Good deal for Ireland and EUFA
The UK industry’s fear that the Brexit deal is a bad one was underlined by a statement from the Killybegs Fishermen’s Organisation in Ireland, a member of the European Fisheries Alliance (EUFA), which welcomed the deal.
KFO chief executive Seán O’Donoghue said that the draft documents were ‘a positive first step’, and meant that Irish fishing ‘is well placed to avoid a disastrous hard Brexit’.
He said the draft documents ‘reflect the key concerns articulated by the Irish fishing industry in the course of the marathon 29-month negotiations’.
“Having fisheries referenced specifically in the draft withdrawal agreement – and maintaining the link to the wider trade sector in the political declaration – is a key ask from our perspective.”
He said the draft agreement was ‘a significant first step’ in defining relations with the UK, and that ‘strong foundations’ had been laid.
But he warned, “We know only too well from experience that fisheries negotiations are multi-faceted and highly complex, and much remains to be agreed.
“We firmly believe that the future framework for fisheries, after the transition period, needs to maintain the current levels of reciprocal access to waters and markets, as well as sound science-based fisheries management. The text on the table takes the first steps to deliver on this, and we look forward to productive negotiations in the near future.”
He said that the Irish taoiseach (prime minister), commenting after the publication of the agreement, recognised the importance of access to UK waters, and the importance of the UK selling its fish to the EU.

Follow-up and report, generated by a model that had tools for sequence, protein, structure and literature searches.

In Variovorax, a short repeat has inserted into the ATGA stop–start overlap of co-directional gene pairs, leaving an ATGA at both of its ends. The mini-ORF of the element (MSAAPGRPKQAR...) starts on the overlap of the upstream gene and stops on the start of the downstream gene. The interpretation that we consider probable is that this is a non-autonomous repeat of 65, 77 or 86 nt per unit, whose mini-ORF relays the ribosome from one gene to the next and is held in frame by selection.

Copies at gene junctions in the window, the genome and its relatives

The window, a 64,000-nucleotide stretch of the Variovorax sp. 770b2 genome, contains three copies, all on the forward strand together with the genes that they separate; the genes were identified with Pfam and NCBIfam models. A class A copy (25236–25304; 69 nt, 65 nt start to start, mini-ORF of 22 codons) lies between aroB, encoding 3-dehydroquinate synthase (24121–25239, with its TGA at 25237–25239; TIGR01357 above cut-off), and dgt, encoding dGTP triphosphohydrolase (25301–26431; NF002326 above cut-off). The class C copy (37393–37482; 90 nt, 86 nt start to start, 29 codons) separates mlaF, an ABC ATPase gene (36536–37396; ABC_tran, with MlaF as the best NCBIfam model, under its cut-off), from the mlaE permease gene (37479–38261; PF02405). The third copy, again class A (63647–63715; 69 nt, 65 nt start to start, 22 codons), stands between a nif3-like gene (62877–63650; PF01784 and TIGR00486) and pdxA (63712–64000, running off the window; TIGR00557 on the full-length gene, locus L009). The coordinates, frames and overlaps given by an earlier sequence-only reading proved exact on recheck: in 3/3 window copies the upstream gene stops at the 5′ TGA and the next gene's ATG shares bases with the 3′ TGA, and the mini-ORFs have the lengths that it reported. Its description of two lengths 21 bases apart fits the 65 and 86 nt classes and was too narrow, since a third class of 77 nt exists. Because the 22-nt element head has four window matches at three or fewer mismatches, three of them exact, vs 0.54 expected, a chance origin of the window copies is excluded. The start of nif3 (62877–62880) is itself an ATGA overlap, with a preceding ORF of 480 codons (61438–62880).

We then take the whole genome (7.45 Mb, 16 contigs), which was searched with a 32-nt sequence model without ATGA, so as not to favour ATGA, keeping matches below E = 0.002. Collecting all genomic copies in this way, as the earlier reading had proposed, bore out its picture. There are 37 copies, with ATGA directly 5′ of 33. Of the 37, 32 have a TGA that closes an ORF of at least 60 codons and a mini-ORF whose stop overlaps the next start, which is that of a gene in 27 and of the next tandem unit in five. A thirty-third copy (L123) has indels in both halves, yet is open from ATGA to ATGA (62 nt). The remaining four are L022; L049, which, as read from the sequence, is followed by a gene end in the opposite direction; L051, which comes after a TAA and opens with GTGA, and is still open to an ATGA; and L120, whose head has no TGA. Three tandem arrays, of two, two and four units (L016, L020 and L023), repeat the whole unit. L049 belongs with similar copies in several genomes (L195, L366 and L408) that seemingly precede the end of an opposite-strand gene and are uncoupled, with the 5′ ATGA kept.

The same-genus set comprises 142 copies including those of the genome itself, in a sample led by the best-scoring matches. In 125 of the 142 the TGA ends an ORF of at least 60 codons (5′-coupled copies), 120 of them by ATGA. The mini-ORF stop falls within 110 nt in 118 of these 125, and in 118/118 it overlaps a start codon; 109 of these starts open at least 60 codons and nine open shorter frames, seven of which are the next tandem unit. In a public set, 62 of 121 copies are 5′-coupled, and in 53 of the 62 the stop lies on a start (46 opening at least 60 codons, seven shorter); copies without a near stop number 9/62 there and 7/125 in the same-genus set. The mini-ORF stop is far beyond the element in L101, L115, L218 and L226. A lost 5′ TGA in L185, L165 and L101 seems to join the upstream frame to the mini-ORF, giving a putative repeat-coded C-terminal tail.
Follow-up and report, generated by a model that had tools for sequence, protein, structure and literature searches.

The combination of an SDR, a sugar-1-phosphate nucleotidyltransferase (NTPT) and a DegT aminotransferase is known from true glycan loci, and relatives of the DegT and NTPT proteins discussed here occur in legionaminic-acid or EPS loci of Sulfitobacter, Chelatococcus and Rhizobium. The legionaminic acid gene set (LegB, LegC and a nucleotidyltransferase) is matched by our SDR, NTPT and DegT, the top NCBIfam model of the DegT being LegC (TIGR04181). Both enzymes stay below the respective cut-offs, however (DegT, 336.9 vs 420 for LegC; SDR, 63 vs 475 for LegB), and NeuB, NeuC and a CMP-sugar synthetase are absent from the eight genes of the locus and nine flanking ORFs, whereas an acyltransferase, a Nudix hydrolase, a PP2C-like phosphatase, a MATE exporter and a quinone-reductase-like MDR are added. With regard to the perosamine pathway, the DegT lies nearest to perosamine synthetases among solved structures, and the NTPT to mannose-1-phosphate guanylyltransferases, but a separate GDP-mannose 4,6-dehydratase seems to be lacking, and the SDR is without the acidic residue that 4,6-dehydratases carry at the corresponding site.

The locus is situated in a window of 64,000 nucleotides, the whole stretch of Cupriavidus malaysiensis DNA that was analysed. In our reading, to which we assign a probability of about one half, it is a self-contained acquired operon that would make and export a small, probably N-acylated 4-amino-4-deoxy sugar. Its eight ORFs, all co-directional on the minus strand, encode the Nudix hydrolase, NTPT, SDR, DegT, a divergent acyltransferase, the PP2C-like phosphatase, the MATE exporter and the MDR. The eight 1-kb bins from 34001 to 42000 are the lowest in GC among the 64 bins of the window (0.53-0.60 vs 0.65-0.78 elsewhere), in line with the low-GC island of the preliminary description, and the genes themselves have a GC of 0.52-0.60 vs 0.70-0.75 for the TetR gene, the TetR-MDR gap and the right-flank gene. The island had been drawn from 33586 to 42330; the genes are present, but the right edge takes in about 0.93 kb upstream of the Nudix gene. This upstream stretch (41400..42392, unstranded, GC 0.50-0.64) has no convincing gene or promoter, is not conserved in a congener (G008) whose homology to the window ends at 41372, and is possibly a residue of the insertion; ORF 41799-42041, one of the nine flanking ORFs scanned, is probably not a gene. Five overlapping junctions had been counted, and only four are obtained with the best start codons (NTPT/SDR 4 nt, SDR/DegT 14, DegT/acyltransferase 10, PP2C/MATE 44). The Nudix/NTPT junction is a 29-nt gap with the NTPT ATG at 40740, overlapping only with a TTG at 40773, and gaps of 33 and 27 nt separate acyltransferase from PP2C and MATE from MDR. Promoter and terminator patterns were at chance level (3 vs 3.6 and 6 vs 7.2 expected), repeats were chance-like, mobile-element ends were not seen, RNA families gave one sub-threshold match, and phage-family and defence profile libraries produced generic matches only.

He said, “The UK will want other things as well – for example, with regard to financial services. All these matters are interlinked and will be part of the future relationship, and while the UK might have a strong hand when it comes to fisheries, we have a strong hand when it comes to services, and other matters too.”
The KFO said Ireland’s two biggest fisheries, mackerel (60%) and Nephrops (40%) are hugely dependent on access to UK waters, with overall dependency for all stocks of over 30%.
“Maintaining reciprocal access to waters and resources needs to be at the heart of the post-Brexit relationship in fisheries, given the historic ties and inextricable links between our countries and industries.”
Seán O’Donoghue acknowledged ‘the effectiveness of the united approach taken by EUFA’.
More on EUFA Santiago Declaration below.
FFL: ‘Deal is a stinker’
Campaign group Fishing for Leave (FFL) said the deal was ‘a stinker’ and meant ‘yet more capitulation’ to the EU.
It said that the damaging comments by Michel Barnier’s deputy would put ‘huge pressure’ on Scottish and coastal MPs to vote against the deal.
“We are apoplectic at this deal, but feel fully vindicated,” said FFL.
“As we have forewarned for 12 months, re-obeying all EU law in a transition, followed by becoming a vassal state under Mrs May’s Chequers deal, would not be temporary but lead to being bound to the EU in perpetuity.
“Mrs May has conceded to continued regulatory alignment, disguised in the fluffy language of a ‘level playing field’.
“But as Mr Barnier’s deputy has confirmed, this will be used as the basis of the ongoing future relationship, and access to products and fisheries will be linked – meaning continuation of Britain’s obedience to the CFP.”
FFL also argued that the deal will undermine the integrity of the UK, and give fresh impetus for a second referendum.